Issued by CEMO Center - Paris
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Visitors return to Hatra, Iraq’s ancient city ravaged by Isis

Monday 12/September/2022 - 03:55 PM
The Reference

The ancient city of Hatra in northern Iraq have welcomed back tourists five years after the defeat of Islamic State, which used it as a training base for two years and left it seriously damaged.

With remains dating back to the second and third centuries BC, Hatra has undergone a revival since being added to Unesco’s world heritage in danger list. Edifices and depictions of deities such as the sun god Shamash and the goddess Allat were used by Isis fighters for target practice during their occupation from 2015.

Recaptured in 2017 by Iraqi forces and the US-led international coalition, it has been a priority conservation project, with Italian and Iraqi experts working on it. Three severely damaged sculptures were removed for renovation before being returned this year. At the weekend Mosul Heritage House, a private museum, brought dozens of tourists to what is one of the country’s most important historical sites.

Hatra, about 70 miles southwest of Mosul, was a sprawling complex of 200ft columns and temples. It was a site of worship to Shamash, built by the Seleucid dynasty established by Seleucus I, one of Alexander the Great’s generals.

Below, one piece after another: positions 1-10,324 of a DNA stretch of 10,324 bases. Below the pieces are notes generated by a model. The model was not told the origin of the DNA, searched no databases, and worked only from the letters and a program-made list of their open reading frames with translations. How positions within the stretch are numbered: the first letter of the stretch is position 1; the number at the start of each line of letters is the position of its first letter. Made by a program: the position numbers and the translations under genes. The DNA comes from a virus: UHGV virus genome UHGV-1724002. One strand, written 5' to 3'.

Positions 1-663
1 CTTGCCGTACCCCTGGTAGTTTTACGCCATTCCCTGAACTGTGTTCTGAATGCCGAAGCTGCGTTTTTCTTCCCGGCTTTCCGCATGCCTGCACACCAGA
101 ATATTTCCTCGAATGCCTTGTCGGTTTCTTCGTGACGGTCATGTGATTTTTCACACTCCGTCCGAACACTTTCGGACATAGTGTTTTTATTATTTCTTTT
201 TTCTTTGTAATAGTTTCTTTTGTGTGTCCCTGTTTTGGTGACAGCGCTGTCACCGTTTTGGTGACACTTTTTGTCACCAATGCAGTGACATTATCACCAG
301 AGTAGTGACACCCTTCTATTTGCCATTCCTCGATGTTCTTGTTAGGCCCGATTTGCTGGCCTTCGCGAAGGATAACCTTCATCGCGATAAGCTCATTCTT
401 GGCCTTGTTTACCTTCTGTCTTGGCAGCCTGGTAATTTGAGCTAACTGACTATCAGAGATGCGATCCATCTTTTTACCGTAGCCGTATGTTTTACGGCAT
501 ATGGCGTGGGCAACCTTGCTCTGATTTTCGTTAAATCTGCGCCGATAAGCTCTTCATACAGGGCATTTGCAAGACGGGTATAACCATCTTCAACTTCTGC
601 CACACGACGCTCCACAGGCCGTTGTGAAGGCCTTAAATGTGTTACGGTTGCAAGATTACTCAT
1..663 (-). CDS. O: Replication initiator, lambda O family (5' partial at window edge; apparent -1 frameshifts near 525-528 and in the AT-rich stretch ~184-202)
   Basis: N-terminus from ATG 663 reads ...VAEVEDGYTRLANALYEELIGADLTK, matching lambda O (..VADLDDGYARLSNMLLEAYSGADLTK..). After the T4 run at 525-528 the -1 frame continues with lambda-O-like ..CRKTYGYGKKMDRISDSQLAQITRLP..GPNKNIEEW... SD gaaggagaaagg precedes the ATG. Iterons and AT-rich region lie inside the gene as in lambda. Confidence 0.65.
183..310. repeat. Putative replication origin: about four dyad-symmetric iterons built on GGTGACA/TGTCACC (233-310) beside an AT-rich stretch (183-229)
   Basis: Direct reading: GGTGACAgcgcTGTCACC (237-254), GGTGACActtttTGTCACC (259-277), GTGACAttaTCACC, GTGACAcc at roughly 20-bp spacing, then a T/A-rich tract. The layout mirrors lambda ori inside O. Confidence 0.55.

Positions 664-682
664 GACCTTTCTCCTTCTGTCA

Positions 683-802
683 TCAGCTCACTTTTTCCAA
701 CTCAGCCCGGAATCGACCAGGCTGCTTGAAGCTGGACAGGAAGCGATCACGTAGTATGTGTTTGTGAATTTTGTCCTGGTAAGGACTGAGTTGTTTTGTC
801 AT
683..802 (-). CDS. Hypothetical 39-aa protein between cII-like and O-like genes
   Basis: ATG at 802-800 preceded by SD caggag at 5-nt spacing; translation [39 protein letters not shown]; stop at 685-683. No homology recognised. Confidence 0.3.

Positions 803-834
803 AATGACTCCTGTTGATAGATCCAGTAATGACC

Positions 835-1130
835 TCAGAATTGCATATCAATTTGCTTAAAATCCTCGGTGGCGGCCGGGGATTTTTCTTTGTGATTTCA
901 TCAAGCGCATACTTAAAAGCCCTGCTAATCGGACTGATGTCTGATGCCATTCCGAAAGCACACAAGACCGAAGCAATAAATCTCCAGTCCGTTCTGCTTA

A large fortified city under the influence of the Parthian Empire and capital of the first Arab kingdom, Hatra withstood invasions by the Romans in AD116 and AD198 thanks to its high, thick walls reinforced by towers. The remains of the city, especially the temples, featured Hellenistic and Roman architecture blended with eastern decorative features.

It was one of many sites to suffer under Isis control across the region, including the Syrian city of Palmyra and the Iraqi site of Nimrud.

Saturday’s tour, the first of its kind organised by Mosul Heritage House, was designed to boost tourism in the area. Forty visitors, most of them Iraqis, were allowed to walk around the site at twilight, with some posing for pictures on top of the ancient walls and columns. The initiative aims to “showcase the heritage and identity” of Mosul and the broader Nineveh province, according to Fares Abdel Sattar, a 60-year-old engineer.

The restoration was supported by the Aliph Foundation, which works to protect sites of cultural heritage in conflict areas.